Interest in computer science has exploded in the last twenty years due to the increase in computer applications that have become vital components of our everyday lives. Majoring in computer science can open many wonderful opportunities for employment in high-paying positions after you graduate because you’re not limited as to the industries in which you can find work. Whether you decide to pursue a cyber security masters degree or a computer information systems bachelor degree, you can be well-prepared to meet the challenges in today’s world. This doesn’t mean you have to work in computers for the rest of your life either, these courses can help you get ahead in many other fields as well, from business to law to entertainment.


Taking computer science at any school whether it is the Massachusetts Institute of Technology or the University of Washington, will encompass a variety of important aspects to get the degree you want. These are some of the major components that are involved in taking this major:

Research is a large part of your course load. Your school will provide you with a comprehensive array of materials and resources to give you all of the tools needed to conduct academic research at the highest levels expected from your faculty and peers. This will give you the training necessary to compete in your chosen field and many schools offer a menu of researcher opportunities year round.

Internship positions are also a strong part of the coursework you might want to pursue with a computer science major. Learning in the classroom is a large part of getting a degree, but it’s only one component of a larger strategy. You should seek out any internships and part time job opportunities that are available to you through the school. These are excellent ways in which you can gain valuable knowledge for actually working in your chosen field and get real, hands-on experience in the way computer science is applied.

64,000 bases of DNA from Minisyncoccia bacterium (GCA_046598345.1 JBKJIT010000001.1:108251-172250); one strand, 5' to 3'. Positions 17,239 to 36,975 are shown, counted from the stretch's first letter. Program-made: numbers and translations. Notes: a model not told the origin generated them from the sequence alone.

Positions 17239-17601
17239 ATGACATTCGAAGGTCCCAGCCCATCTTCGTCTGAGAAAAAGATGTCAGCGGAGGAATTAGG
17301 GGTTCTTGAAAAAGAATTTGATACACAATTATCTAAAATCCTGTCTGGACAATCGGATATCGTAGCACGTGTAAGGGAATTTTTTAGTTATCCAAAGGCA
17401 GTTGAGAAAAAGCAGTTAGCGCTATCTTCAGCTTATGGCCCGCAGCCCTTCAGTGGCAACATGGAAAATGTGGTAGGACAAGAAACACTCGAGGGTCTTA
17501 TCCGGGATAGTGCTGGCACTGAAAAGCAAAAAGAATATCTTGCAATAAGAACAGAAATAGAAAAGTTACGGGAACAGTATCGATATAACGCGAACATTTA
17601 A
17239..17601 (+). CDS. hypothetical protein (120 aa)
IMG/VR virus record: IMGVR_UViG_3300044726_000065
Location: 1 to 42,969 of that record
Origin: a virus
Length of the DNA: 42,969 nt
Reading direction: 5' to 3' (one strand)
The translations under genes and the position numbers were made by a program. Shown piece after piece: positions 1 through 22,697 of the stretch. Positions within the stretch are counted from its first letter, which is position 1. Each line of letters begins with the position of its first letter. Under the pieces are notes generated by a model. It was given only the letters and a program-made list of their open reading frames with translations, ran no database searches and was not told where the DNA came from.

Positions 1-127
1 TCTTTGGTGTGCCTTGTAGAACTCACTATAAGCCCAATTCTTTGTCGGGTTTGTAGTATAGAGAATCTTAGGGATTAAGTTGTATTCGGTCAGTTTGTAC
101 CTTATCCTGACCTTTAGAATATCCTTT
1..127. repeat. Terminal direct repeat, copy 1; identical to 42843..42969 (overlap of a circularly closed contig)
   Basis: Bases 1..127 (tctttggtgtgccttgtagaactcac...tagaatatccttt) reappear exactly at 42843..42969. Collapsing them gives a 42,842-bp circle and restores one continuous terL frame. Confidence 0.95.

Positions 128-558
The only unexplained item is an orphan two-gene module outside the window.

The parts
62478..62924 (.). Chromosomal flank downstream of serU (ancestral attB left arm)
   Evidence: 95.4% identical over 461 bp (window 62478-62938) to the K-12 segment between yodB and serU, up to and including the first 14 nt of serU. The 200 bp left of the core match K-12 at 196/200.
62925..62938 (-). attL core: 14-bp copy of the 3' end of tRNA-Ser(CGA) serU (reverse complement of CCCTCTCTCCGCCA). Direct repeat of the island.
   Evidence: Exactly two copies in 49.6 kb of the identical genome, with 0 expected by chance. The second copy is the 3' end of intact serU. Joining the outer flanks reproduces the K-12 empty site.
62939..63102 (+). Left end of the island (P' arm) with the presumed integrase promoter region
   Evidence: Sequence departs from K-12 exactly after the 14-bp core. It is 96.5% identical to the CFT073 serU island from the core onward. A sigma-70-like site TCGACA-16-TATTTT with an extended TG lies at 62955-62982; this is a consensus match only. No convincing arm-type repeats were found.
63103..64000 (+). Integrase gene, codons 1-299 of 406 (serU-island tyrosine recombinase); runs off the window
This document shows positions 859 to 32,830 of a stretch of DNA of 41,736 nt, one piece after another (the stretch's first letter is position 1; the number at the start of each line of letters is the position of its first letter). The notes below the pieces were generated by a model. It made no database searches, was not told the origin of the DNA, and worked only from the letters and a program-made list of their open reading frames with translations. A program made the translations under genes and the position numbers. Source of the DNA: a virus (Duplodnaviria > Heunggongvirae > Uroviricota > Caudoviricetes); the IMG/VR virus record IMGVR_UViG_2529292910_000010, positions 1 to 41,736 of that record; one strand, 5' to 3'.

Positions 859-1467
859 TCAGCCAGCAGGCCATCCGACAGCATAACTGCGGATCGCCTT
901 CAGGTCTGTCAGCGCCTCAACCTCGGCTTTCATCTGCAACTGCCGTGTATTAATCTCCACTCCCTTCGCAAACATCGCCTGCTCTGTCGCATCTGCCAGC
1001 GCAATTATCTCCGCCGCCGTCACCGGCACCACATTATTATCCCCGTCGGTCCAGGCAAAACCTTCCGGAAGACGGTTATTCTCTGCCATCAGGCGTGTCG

The First Step

If you think computer science is for you, then you’re going to want to seek out the entry-level programs that give you an introduction to computer science. Your school likely has a few courses available, each one tailored to a student’s previous knowledge and experience. Some introductory courses might be more comprehensive and advanced than others.

Mathematics is also a big part of taking computer science. You’ll need to be able to approach complex problems by using mathematics as a way come up with solutions and your initial computer science courses will place an emphasis on mathematics in both the practical and theoretical sense. Additional coursework will include theoretical computing and along with programming courses which are both essential facets of computer science courses.

Working in Computer Science

Your time will be spent in labs, putting in long hours completing complicated projects. These projects are designed to stimulate your mind to find working solutions to a myriad of problems and challenges that will teach you how to decide which solution to employ, sometimes at the expense of previous work that has been done on the project. You’ll gain knowledge of how computers are built and operate and understand how to write code for all kinds of software and other forms of programming.